Orange

The familiar sweet orange comes from Sicily, Israel, Spain and the United States, each offering a slightly different characteristic. Chu-lu, the first monograph describing the various citruses, was written in China in 1178.

Extraction: Cold-pressed from peel. An inferior oil comes from peel pressed for juice. A more water-soluble, terpeneless oil is used in soft drinks. The scent is perky and lively.

Cosmetic/Skin Use: Good for oily complexions.

Medicinal Action: Orange treats flu, colds, congested lymph, irregular heartbeat and high blood pressure.

Considerations: The oil is slightly photosensitizing.

Emotional Attribute: The sedative fragrance counters depression, hysteria, shock and nervous tension.

Associated Oils:

Bitter Orange (C. aurantium var. amara) –Pressed from the peel, bitter orange oil has similar properties to sweet orange. Photosensitizing.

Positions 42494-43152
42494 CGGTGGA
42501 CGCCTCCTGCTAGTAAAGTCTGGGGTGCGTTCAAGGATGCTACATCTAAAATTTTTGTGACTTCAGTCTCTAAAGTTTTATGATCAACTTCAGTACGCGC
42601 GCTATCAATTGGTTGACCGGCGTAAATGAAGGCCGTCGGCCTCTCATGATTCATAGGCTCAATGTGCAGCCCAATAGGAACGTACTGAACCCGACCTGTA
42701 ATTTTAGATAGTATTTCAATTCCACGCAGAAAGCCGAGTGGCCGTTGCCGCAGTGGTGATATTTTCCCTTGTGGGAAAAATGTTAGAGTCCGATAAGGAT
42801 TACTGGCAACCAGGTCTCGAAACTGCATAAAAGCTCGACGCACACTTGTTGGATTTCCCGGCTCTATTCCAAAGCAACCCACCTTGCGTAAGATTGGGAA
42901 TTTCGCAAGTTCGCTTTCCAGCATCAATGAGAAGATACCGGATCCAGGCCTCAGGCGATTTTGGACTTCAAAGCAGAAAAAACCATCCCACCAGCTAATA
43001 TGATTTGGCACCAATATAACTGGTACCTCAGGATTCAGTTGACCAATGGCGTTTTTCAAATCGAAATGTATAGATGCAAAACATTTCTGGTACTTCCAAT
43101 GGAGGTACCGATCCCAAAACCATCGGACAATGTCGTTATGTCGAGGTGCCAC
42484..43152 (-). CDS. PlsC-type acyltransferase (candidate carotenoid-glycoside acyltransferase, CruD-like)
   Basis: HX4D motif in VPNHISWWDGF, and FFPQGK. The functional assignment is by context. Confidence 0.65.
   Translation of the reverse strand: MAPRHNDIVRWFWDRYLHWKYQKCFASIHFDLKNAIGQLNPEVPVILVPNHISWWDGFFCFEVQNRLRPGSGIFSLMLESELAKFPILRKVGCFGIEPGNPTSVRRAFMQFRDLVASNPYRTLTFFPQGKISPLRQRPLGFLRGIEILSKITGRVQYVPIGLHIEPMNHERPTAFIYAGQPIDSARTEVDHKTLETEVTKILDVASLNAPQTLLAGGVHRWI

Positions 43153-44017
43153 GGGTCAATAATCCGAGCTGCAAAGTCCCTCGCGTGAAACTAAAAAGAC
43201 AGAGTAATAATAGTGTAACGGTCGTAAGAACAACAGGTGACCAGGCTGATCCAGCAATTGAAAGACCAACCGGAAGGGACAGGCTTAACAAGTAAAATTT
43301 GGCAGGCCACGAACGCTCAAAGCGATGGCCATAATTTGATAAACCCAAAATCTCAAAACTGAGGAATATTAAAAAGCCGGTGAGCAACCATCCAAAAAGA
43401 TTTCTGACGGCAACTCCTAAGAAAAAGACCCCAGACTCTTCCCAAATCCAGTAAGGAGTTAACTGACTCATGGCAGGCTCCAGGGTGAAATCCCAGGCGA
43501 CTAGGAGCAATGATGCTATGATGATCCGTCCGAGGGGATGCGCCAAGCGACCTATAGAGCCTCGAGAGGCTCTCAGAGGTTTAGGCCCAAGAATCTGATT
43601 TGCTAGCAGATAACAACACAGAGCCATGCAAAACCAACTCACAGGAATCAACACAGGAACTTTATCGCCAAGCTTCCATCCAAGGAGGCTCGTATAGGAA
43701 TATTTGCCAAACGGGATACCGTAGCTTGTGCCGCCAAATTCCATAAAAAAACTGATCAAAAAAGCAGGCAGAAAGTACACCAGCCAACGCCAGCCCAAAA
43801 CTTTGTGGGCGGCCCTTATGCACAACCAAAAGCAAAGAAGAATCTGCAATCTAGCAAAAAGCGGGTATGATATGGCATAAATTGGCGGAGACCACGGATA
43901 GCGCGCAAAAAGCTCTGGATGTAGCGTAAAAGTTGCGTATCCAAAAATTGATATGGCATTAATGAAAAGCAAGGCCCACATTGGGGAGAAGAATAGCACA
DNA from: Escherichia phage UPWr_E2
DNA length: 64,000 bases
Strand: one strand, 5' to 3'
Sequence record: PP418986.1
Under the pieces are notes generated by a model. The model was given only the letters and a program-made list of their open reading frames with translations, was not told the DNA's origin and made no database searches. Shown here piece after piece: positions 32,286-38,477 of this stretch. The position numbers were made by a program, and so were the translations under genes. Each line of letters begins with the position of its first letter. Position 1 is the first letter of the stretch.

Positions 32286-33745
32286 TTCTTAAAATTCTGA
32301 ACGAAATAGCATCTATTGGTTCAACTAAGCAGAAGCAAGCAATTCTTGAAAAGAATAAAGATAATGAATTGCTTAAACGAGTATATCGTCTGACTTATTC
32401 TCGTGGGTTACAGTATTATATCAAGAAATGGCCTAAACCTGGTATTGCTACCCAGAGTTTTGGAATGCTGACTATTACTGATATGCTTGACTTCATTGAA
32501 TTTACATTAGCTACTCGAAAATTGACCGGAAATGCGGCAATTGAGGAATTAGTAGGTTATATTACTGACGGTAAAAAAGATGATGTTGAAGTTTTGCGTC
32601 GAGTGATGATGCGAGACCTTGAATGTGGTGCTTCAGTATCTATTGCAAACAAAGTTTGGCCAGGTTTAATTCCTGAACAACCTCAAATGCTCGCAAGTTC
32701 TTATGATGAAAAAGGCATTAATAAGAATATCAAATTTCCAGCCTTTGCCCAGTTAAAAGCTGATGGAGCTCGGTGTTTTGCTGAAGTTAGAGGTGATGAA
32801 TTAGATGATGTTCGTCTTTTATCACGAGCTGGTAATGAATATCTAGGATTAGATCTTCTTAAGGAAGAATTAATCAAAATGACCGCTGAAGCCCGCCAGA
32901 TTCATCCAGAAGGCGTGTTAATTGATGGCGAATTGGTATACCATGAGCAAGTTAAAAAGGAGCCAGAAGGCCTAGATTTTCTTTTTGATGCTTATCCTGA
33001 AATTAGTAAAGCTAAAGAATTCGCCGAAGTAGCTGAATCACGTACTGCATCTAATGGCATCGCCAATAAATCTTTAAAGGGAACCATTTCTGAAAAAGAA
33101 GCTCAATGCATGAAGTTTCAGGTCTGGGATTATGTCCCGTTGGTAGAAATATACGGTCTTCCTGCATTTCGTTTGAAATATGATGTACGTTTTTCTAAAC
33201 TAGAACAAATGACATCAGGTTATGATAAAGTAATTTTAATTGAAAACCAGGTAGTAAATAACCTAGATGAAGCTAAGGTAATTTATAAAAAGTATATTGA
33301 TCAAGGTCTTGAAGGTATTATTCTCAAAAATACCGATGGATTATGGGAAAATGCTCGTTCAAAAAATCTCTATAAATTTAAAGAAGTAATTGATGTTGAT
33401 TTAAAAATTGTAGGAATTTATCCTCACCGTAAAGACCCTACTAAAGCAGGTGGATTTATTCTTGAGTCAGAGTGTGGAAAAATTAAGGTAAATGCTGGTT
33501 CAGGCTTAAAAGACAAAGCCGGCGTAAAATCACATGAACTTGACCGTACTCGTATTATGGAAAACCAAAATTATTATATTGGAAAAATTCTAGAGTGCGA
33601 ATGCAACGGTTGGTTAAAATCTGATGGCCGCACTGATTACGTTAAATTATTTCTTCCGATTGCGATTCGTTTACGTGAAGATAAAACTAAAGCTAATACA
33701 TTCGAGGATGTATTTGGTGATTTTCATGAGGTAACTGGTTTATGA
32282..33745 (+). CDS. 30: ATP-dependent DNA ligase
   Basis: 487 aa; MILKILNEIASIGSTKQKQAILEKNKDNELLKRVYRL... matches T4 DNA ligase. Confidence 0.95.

Grapefruit (C. x paradisi) –The oil from the peel encourages weight loss and gallbladder activity, and is noted for its cleansing action. It is a favorite of children, and we find it useful for inner-child work. It often accents bergamot.

Lime (C. aurantiifolia) –Native to India and Southeast Asia, this is the most tender citrus tree. Unlike other citruses, the peel can be steam-distilled as well as pressed. Lime flavors cola beverages and is used in the treatment of depression.

Tangerine or Mandarin (C. reticulata) –From the peel of mandarin orange, this oil counters insomnia, lymph congestion, fat reduction and digestive problems. It is a safer citrus oil for children and pregnant women.

Kathi Keville Written by Kathi Keville

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